Video ads are coming to your news feed.
That’s right, boys and girls. Every time you open Facebook, you’ll see this:
Yes, according to TechCrunch, Wired and other reputable (and some not so reputable) news sources, Facebook has decided to add video advertisements for every user’s news feed, to be watched or clicked through before you can scroll through your day’s quota of obnoxious baby pictures, games you’ll never play and Instagram selfies of people who should be locked in a small, dark room.
So now an app that takes about 90 seconds (which, on a smartphone, is roughly fifteen years) to load its main page will be adding a potentially non-skippable video ad for crap I don’t even buy?
Facebook says the ads will be limited to 15 seconds, though. Great! Do you have any idea how many times you click back to your news feed during a typical online session? HUNDREDS OF THOUSANDS (OK, not really, but I’m trying to illustrate a point here.) Even if the ad pops up only 10% of the time (The talk is Facebook admires how YouTube handles its ads, with the TrueView function. Users can skip the ad after an introductory forced viewing time of five to ten seconds), you’re still gonna see five or so ads per session, and even more if you’re on Facebook most of the time you’re online, which averages out to about six and a half hours per user per month. An amazing infographic about time spent online can be found here, courtesy of our friends at Mashable.
The best part, in my opinion? The ads will appear on Facebook’s mobile site and mobile apps!
Tell me again how this is going to improve Facebook?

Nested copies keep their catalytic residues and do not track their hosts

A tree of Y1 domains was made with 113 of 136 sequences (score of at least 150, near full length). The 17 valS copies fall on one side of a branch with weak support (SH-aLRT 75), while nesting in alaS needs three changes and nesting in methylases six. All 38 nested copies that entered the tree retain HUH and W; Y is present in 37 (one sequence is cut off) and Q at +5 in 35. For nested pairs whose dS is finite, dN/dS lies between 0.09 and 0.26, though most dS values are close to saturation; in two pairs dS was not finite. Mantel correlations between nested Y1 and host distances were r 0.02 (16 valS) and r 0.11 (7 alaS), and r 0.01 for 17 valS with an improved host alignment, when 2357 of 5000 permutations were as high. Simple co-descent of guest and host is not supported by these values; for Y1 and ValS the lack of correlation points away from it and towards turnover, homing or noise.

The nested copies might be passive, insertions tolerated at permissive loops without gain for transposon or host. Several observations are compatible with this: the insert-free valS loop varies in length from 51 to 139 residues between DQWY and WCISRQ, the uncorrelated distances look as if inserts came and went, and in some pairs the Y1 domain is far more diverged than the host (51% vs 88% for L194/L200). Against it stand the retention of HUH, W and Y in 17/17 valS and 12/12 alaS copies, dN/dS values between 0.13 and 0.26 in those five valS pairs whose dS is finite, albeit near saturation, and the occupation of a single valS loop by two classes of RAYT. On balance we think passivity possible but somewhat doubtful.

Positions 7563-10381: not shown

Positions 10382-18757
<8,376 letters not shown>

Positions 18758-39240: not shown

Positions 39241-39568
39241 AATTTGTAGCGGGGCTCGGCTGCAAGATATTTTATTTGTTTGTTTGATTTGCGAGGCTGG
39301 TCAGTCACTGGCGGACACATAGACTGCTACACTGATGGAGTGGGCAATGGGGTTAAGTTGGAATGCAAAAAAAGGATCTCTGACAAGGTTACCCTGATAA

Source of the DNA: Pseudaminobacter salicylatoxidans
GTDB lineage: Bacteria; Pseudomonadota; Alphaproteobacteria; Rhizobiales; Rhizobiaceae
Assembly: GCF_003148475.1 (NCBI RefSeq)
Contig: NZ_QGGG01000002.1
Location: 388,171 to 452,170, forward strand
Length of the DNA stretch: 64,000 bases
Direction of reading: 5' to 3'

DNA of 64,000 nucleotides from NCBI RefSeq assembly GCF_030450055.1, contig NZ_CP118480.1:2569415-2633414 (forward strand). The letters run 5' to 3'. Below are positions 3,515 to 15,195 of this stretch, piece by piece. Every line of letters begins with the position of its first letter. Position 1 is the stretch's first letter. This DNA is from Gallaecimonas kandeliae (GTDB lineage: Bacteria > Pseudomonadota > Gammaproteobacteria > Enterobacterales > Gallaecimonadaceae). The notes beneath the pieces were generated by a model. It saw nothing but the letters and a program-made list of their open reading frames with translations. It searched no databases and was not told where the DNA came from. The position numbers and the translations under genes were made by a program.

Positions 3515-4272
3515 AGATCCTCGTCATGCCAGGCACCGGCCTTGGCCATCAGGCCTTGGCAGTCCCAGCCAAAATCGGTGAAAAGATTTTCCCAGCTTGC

Oh, right! It’s not going to improve anything. This is just another way the company is trying to recoup its money after the IPO tanked last year. Remember when they decided to start charging people to promote their posts? Or how any page’s (or even personal profile’s) posts don’t reach 100% of their intended audiences without this “Promote” function? This ad business is another grasp at revenue that should make Facebook’s investors happy, but is relatively assured to piss off every single user. It’s only a matter of time before users start migrating away en masse, and I for one have been using Twitter more and more for my social news fix, primarily because it loads faster on my phone and I don’t have to worry about some crap wasting my time.
Here’s what Facebook’s Vice President of Business and Marketing Relationships, David Fischer, said about the new program during his Stanford University Future Of Media Conference keynote address on Feb. 13:
I believe there are ways we could do it. There are ways that could be destructive and distracting to the user experience. But there are ways that could potentially balance user experience with advertiser experience. We haven’t put a product out yet because we haven’t had one we’re comfortable with. But if we could, then we would do it.
Except, Mr. Fischer, the plan is to go live with this sometime in April.
So, what do you think? Are the ads too much? Have you been pushed over the edge? Will you tell Facebook you’re mad as hell, and not gonna take it anymore?